Hurin held the sealed invitations out to Rand as if offering gold. "My Lord, this one bears the personal seal of Galldrian. His personal seal, my Lord. And this one the personal seal of Lord Barthanes, who is next to the King himself in power. My Lord, burn these, and you make enemies as powerful as you can find. Burning them's worked so far because the other Houses are all waiting to see what you're up to, and thinking you must have powerful allies to risk insulting them. But Lord Barthanes - and the King! Insult them, and they'll act for sure."
Rand scrubbed his hands through his hair. "What if I refuse them both?"
"It won't work, my Lord. Every last House has sent you an invitation, now. If you decline these - well, for sure at least one of the other Houses will figure, if you're not allied with the King or Lord Barthanes, then they can answer your insult of burning their invitation. My Lord, I hear the Houses in Cairhien use killers, now. A knife in the street. An arrow from a rooftop. Poison slipped in your wine."
"You could accept them both," Loial suggested. "I know you don't want to, Rand, but it might even be fun. An evening at a lord's manor, or even at the Royal Palace. Rand, the Shienarans believed in you."
Rand grimaced. He knew it had been chance that the Shienarans thought he was a lord; a chance likeness of names, a rumor among the servants, and Moiraine and the Amyrlin stirring it all. But Selene had believed it, too. Maybe she'll be at one of these.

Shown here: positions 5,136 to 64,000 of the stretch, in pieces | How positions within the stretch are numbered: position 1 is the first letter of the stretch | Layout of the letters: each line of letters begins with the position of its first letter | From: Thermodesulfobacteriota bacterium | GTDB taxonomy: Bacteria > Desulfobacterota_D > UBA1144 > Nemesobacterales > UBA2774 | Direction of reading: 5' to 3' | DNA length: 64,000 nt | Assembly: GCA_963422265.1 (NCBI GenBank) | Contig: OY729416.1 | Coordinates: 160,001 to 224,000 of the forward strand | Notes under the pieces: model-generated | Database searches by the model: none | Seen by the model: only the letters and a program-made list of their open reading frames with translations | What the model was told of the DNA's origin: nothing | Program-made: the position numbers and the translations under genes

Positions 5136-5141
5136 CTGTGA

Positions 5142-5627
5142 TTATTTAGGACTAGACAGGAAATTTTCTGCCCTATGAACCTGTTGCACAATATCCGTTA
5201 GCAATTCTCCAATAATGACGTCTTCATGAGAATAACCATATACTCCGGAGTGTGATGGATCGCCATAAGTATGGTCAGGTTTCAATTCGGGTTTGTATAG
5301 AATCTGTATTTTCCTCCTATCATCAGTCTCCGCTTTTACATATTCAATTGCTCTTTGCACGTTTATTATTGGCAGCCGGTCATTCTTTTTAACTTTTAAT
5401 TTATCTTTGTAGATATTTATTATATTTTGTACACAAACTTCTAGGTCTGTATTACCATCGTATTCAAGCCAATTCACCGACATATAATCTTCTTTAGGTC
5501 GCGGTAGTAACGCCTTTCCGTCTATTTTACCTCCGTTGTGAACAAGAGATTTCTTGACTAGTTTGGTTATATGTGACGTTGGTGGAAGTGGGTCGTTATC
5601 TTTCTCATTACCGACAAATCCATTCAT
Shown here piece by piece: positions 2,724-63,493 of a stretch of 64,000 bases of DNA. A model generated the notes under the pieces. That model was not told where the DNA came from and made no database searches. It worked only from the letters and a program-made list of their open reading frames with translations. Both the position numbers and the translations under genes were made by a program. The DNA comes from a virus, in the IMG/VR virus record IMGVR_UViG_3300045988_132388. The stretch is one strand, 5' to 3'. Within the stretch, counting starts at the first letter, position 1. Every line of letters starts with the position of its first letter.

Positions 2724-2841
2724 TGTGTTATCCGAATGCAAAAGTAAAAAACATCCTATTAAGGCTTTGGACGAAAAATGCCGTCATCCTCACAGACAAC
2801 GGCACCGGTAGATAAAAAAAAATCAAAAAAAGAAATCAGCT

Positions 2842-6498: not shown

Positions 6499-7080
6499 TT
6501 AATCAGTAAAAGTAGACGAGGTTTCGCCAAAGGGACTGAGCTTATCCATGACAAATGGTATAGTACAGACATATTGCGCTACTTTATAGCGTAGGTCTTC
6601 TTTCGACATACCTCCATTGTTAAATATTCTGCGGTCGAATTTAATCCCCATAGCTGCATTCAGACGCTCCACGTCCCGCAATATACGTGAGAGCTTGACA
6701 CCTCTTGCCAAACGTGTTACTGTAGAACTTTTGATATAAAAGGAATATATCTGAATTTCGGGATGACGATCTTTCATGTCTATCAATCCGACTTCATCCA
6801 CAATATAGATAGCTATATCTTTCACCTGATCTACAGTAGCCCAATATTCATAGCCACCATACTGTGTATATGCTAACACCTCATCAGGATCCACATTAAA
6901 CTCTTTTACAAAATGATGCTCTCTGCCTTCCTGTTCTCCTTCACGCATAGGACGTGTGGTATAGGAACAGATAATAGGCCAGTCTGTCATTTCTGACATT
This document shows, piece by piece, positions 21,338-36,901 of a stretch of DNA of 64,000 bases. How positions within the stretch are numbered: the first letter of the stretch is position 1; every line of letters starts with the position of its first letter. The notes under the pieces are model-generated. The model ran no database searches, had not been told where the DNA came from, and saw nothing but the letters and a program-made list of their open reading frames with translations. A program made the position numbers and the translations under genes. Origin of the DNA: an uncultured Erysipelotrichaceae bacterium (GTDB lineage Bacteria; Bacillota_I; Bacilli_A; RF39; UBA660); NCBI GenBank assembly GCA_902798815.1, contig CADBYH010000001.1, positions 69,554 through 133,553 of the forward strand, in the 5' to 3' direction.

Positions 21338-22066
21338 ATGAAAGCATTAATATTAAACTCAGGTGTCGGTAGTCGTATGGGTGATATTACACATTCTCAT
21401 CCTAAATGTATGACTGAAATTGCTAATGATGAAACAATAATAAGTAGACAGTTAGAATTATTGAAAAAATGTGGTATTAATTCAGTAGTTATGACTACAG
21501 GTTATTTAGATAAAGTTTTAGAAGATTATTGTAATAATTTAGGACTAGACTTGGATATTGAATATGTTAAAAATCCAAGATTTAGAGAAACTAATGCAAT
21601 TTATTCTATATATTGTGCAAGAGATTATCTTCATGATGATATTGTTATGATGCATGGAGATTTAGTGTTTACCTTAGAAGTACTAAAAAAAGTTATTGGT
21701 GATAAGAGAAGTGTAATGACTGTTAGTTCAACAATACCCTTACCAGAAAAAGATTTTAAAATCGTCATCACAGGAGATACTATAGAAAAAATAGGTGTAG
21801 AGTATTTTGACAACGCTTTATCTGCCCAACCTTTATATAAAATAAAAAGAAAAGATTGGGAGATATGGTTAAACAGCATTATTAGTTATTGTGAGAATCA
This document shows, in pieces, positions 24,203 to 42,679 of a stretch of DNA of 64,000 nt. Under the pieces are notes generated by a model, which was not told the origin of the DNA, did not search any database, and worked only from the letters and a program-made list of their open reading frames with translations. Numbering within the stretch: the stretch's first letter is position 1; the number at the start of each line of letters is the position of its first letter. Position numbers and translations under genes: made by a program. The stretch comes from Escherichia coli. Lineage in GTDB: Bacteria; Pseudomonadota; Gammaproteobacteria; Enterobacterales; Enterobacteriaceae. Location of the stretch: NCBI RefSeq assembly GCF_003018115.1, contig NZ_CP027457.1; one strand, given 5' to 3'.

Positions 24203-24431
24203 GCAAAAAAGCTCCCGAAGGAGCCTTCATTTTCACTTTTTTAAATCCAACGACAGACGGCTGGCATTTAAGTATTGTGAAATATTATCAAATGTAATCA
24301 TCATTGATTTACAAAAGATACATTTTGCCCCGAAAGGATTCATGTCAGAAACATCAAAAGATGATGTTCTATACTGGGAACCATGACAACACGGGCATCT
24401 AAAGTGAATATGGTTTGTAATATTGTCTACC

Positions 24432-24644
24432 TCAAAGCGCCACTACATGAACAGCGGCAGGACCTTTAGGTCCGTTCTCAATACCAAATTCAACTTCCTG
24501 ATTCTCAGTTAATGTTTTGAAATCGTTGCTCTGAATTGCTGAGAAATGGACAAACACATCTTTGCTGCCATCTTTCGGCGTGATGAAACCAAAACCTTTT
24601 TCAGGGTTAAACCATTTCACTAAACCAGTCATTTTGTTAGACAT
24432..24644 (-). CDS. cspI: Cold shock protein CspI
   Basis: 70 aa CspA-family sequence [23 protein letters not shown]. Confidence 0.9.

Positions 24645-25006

Hurin was shaking his head violently, though. "Builder, you don't know Daes Dae'mar as well as you think you do. Not the way they play it in Cairhien, not now. With most Houses, it wouldn't matter. Even when they're plotting against each other to the knife, they act like they aren't, out where everybody can see. But not these two. House Damodred held the throne until Laman lost it, and they want it back. The King would crush them, if they weren't nearly as powerful as he is. You can't find bitterer rivals than House Riatin and House Damodred. If my Lord accepts both, both Houses will know it as soon as he sends his answers, and they'll both think he's part of some plot by the other against them. They'll use the knife and the poison as quick as look at you."
"And I suppose," Rand growled, "if I only accept one, the other will think I'm allied with that House."